Victor Davis Hanson Private Papers

Tag Archives: Race

The Tangled Web of Race

by Victor Davis Hanson

National Review Online

A number of commentators have openly sympathized with multi-murderer Christopher Dorner, who shot seven innocent people, killing four of them. Apparently, the late Dorner was a voice in the wilderness crying out against the racist injustice of the “system.” Read more →

It’s a Mad, Mad World

by Victor Davis Hanson

NRO’s The Corner

Dorner Debacle

It is hard to remember worse coverage of a catastrophe than what we are given about the ex-cop Christopher Dorner’s murdering rampage. Some reprehensible pundits, ever so easily, fall into blaming LAPD and its “history of racism,” in a sorta, kinda contextualizing of Dorner’s brutal killing of innocents by the specter of Rodney King. Read more →

The Confessions of a Confused Misfit

by Victor Davis Hanson

PJ Media

The Rich

I confess I never admired John Edwards — and used to argue with the late Christopher Hitchens[1] about the blow-dried lawyer’s suitability for president. I didn’t think much of Al Gore or John Kerry, well before the “he lied!” vein-bulging fits and the wind-surfing spoofs. I was not surprised when Susan Rice just disclosed that she is worth considerably over $30 million[2] — and has money in Keystone[3] no less. Are they all part of the “one percent”? Did they pay “their fair share”? Do they “spread the wealth”? At what point in his life did Al Gore know that he had made enough money (before barreling ahead and making more)? Read more →

Everyone’s a White Male–But Me

by Victor Davis Hanson

PJ Media

When 40%, not 97%, Is Illiberal

One of the legacies of the Obama presidency is that “white male” as a term of embarrassment has now transcended the hothouse of the campus and gone mainstream. We are lectured by media figures, celebrities, and politicians ad nauseam that the November election is really about a new America of diverse minority groups, gays, feminists, and green pitted against a dying and shrinking number of old white guys. Sometimes that narrative requires absurd assumptions. Read more →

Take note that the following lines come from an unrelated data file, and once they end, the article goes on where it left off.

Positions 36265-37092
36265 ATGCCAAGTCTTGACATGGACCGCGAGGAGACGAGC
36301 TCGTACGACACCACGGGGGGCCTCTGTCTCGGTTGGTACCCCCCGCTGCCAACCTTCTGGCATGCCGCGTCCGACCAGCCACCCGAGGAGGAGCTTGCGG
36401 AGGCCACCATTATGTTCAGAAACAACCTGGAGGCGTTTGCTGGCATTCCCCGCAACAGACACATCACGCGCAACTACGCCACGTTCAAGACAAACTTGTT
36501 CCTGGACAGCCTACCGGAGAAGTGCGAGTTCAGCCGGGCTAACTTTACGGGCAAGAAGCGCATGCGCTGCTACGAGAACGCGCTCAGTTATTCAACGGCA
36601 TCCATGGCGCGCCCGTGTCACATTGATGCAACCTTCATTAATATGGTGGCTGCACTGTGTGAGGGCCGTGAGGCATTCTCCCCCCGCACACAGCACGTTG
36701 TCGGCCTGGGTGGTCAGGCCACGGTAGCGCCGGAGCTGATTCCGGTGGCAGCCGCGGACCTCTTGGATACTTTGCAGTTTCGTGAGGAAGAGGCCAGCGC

‘White’ on the Brain

by Victor Davis Hanson

National Review Online

The election of the biracial Barack Obama was supposed to usher in a new era of racial harmony. Instead, that dream is becoming a tribally polarized nightmare — by design, and intended to assist in the reelection of Barack Obama. Read more →

Who Gets a Pass?

by Victor Davis Hanson

Tribune Media Services

Chicago Mayor Rahm Emanuel recently said of the Chick-fil-A fast-food franchise that “Chick-fil-A’s values are not Chicago’s values.” Why? Because Chick-fil-A CEO Dan Cathy is on record as being opposed to gay marriage — as is close to half the US population, according to polls. The mayors of Boston and San Francisco also suggested that the company isn’t welcome in their cities. Read more →

In Praise of Polarization

by Bruce Thornton

Defining Ideas

As the presidential campaign intensifies, we are sure to hear more and more complaints about the “polarization” of the electorate and the increasingly bitter divide between the two major parties. “It’s worse now than it’s been in years,” the Brookings Institution’s Darrell West said recently. “Our leaders are deeply polarized, and ‘compromise’ has become a dirty word.” Read more →

The Media’s Racial Prison

by Bruce Thornton

Frontpage Magazine

Two incidents last week suggest once more that our confused, hypocritical, and politicized notions of race and relations will play a huge role in the presidential election. In the first, Virginia state senator L. Louise Lucas, part of Obama’s “Truth Team” campaigning for the president in Virginia, told a radio interviewer, “Mitt Romney, he’s speaking to … a segment of the population who does not like to see people other than a white man in the White House or in any other elective position. Read more →

Beware the Idea of October

by Victor Davis Hanson

PJ Media

What should we expect as the campaign heats up in the final four months? Read more →

Barack the Healer

by Victor Davis Hanson

National Review Online

Barack Obama, both substantively and symbolically, ran in 2008 as a much-needed healer. He was to bring the nation together as never before — a vow taken to heart by millions of voters of all backgrounds who ensured Obama’s 2008 victory. Read more →

%d bloggers like this: